Serious readers tend to read by season. A worthy book is ripe for the reading in any season, but winter seems to privilege the weightier volumes over those that seem to be more easily set aside for reading in a more opportune season. Summer is that season. Why? Vacation and a change in pace have something to do with the tenor of the season, but the traditional break in the academic calendar may mean even more. We all need a season for reading books that are not assigned.
These ten books are by no means assigned. These are books that I found sufficiently interesting and compelling to merit my recommendation. Frustratingly, this list could easily be many times as long. I hope to recommend other good books along the way through the season, including some recent works in biography and fiction. My recommendations for summer reading are, as usual, drawn more from the stacks of nonfiction and history. That is my own idiosyncrasy. Given an unfettered opportunity to read an “unassigned” book, I most often turn to history. What am I looking for? I look eagerly for books that make me rethink something I think I know, learn about something I do not know, or surprise me by revealing just how much there is yet to know about an era, an issue, an event — a happening.
So, no assignments here — only recommendations.
1. Richard Rubin, The Last of the Doughboys: The Forgotten Generation and their Forgotten World War (Houghton, Mifflin, Harcourt, 2013).
Not a single American veteran of World War I remains alive. But, a decade ago, this was not yet true. Richard Rubin had the brilliant idea to try to track down some of the last of the Doughboys, as the American troops in World War I were affectionately known. By the time Rubin was able to interview them, these veterans were, on average, 107 years old. The Last of the Doughboys is a true gift, drawn from Rubin’s conversations with some of the most interesting people you will ever meet on the printed page. And, with the last of these veterans now dead, this is the only place you will find their stories.
The first World War is receding in our national memory. And yet, the national consequences of this war were monumental and lasting. This war, more than any other, marks the divide between the modern world and the world it left behind. When the war started, most of the peoples of the earth were ruled by hereditary monarchs in the Age of Empire. When the war ended, the world was utterly changed. The veterans through whose lives Rubin tells the story of the war live through this vast transformation, and even into the twenty-first century. The first man Rubin interviewed, Anthony Pierro, had been born in Forenza, Italy in February of 1896. As Rubin notes, in 1896 Grover Cleveland was President of the United States and the tallest building in the world was 18 stories tall. The Last of the Doughboys is a wonderful combination of biography and history. The story of the American involvement in World War I is told by those who had lived it, and who lived to tell the tale.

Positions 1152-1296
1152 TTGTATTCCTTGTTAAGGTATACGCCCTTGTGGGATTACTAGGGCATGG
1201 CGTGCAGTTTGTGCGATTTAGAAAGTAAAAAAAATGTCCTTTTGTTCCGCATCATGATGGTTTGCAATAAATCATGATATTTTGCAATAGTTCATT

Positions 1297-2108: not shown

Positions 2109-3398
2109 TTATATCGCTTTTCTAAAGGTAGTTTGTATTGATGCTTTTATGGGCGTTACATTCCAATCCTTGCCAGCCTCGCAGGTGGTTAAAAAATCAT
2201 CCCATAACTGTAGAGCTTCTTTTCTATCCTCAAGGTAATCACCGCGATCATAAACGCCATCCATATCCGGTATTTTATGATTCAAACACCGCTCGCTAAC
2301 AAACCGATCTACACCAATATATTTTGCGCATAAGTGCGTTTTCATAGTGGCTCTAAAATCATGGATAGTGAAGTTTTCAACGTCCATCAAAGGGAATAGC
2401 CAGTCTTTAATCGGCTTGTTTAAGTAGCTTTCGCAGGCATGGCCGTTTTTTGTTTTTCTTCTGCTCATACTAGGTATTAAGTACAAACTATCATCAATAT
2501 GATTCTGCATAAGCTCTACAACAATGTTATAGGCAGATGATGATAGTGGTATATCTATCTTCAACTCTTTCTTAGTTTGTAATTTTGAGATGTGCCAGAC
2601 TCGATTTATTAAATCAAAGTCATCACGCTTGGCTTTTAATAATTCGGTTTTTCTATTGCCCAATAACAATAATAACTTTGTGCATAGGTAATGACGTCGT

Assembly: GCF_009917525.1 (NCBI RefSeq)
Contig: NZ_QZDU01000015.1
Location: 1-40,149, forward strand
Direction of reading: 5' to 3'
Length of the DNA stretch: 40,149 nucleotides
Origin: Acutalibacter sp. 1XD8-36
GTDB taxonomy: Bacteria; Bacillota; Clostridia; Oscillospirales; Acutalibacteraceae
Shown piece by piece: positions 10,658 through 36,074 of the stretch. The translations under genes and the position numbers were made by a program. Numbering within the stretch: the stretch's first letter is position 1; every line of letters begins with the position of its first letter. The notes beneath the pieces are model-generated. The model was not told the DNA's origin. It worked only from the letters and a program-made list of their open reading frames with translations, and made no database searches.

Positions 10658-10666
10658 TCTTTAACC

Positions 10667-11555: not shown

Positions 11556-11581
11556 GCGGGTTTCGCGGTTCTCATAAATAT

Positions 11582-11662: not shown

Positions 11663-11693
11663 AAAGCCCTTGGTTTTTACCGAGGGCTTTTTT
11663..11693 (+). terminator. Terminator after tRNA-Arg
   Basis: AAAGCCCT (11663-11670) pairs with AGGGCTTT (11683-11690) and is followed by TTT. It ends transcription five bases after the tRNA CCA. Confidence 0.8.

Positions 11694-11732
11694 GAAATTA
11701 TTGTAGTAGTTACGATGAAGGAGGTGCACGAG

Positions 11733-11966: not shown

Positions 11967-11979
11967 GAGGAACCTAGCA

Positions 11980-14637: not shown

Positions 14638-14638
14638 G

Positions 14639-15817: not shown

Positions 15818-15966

“Before the New age and the New Frontier and the New Deal, before Roy Rogers and John Wayne and Tom Mix, before Bugs Bunny and Mickey Mouse and Felix the Cat, before the TVA and the TV and radio and Radio Flyer, before The Grapes of Wrath and Gone with the Wind and The Jazz Singer, before the CIA and the FBI and the WPA, before airlines and airmail and air conditioning, before JBJ and JFK and FDR, before the Space Shuttle and Sputnik and the Hindenburg and the Spirit of St. Louis, before the Greed Decade and the Me Decade and the Summer of Love and the Great Depression, … before Tupperware and the refrigerator and the automatic transmission and the aerosol can and the Band-Aid and nylon and the ballpoint pen and sliced bread, before the Iraq War and the Gulf War and the Cold War and the Vietnam War and the Korean War and the Second World War, there was the First World War, World War I, the great War, the War to End All Wars.”
2. Nathaniel Philbrick, Bunker Hill: A City, A Siege, a Revolution (Viking, 2013).
Americans tend to think in rather romantic terms of the revolution that gave birth to the nation. As Nathaniel Philbrick makes clear, there were no historical inevitabilities in play as the American colonists and the British Empire approached open war. Philbrick, a seasoned writer who knows how to tell a story, brings the Boston of 1775 to life in this book. He reveals a city at the center of some of the most momentous events of the modern world, but he gives careful attention to the cast of unforgettable characters that made Boston ripe for revolution. School children, at least those fortunate enough to be taught American history, often think of the Revolutionary War beginning at Lexington and Concord. But, as Philbrick shows, it was the full-scale Battle of Bunker Hill that made the revolution a war. Philbrick gives good attention to the debates and controversies that animated, infuriated, and eventually transformed loyal subjects of King George III into revolutionaries. The book begins with a seven-year-old John Quincy Adams standing next to his mother as he watched the Battle of Bunker Hill from a distance. You will not want to put the book down until you understand what that little boy saw on that day, and what it meant for the birth of the nation.